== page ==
Mosquitoes are eating plastic. Why that’s a big problem.

An Aedes Aegypti mosquito is photographed in a laboratory of control of epidemiological vectors in San Salvador, on January 27, 2016.

Marvin Recinos | AFP | Getty Images

An Aedes Aegypti mosquito is photographed in a laboratory of control of epidemiological vectors in San Salvador, on January 27, 2016.

Young mosquitoes who eat even small pieces of plastic could be contaminating other insects and mammals, according to new research.

Authors of a paper – published in The Royal Society journal Biology Letters on Wednesday – found that when a mosquito larva eats microplastic, that plastic can remain in the insect’s body into adulthood. So, the microplastic could then be transferred to whatever might eat that mosquito, including birds.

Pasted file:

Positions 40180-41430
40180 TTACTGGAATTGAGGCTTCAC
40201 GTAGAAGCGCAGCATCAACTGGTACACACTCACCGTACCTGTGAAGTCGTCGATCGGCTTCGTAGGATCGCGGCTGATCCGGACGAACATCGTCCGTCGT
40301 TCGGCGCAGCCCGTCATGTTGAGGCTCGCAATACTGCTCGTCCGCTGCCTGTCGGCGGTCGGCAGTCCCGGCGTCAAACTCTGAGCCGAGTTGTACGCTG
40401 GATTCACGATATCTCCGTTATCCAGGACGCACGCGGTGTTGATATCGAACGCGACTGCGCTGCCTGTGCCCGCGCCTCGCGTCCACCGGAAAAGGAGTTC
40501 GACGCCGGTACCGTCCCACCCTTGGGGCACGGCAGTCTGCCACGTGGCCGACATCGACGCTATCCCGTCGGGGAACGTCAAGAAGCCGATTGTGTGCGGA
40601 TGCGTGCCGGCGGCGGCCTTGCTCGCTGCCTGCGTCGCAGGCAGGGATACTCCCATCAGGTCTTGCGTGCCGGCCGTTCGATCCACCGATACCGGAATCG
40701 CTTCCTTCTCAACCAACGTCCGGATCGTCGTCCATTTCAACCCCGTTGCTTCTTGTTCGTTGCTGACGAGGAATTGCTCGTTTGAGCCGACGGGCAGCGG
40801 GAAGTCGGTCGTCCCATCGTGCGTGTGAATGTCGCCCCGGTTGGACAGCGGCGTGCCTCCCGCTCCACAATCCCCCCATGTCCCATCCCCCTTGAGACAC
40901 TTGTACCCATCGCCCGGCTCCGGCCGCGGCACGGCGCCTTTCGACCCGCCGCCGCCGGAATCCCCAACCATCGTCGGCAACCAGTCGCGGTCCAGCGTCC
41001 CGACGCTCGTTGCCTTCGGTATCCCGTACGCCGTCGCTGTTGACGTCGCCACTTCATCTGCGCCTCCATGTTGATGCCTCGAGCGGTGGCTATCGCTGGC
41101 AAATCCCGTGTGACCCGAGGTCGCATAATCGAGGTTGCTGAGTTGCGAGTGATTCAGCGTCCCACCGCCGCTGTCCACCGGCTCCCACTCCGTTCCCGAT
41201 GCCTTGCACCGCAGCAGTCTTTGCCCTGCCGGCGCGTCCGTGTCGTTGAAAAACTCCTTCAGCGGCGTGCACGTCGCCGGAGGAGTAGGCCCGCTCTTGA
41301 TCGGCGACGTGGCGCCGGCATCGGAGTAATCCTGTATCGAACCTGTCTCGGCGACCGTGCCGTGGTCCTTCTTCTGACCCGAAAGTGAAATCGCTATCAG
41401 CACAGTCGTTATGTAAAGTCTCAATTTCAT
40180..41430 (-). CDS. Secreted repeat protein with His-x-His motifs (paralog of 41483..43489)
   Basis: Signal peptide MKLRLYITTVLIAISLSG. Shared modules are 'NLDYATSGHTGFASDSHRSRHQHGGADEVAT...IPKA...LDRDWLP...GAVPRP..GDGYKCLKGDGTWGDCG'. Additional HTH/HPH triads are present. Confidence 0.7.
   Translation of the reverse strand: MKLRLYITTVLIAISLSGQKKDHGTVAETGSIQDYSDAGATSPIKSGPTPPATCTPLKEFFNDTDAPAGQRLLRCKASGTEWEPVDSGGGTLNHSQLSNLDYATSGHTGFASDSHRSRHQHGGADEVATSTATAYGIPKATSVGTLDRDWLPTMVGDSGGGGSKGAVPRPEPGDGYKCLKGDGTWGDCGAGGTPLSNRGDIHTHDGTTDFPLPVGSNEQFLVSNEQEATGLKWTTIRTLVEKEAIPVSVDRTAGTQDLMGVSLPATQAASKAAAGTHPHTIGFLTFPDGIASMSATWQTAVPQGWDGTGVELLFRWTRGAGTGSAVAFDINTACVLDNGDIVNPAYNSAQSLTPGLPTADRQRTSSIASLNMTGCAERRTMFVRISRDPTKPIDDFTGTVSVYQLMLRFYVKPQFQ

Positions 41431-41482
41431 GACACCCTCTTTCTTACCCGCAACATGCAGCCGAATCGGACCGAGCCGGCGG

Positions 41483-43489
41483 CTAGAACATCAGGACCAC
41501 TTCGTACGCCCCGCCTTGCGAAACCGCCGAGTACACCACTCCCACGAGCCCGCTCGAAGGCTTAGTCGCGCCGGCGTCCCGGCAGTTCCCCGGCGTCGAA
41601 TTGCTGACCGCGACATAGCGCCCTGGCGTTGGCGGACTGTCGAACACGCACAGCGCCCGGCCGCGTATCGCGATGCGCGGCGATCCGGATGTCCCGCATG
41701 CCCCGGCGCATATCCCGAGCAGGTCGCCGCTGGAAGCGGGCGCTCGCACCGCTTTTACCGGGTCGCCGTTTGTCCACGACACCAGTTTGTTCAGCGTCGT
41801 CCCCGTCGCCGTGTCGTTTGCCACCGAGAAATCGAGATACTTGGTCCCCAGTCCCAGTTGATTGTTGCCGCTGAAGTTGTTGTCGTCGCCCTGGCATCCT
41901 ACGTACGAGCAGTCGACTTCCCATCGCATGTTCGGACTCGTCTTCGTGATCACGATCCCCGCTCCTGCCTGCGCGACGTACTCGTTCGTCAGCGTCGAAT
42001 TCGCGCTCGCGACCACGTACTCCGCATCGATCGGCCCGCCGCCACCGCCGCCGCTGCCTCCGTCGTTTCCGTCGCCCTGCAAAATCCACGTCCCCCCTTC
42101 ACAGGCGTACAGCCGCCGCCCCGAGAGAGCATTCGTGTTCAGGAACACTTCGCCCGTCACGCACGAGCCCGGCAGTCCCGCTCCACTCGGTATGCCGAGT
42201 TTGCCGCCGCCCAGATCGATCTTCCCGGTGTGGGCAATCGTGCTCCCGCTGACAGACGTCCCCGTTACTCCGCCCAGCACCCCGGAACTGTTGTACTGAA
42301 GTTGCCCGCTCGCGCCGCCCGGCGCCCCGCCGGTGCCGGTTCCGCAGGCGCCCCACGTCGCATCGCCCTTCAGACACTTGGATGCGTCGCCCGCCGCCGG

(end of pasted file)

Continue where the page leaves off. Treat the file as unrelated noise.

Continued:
The U.K. researchers conducted their study in a lab, but they say it’s not a stretch to think that plastic could move up the food chain in this way.

“The implication is that you can have plastics at the bottom of the pond that are now going up into the air and being eaten by spiders and bats and animals that normally wouldn’t have access to that plastic,” author Amanda Callaghan at England’s University of Reading told the Independent.

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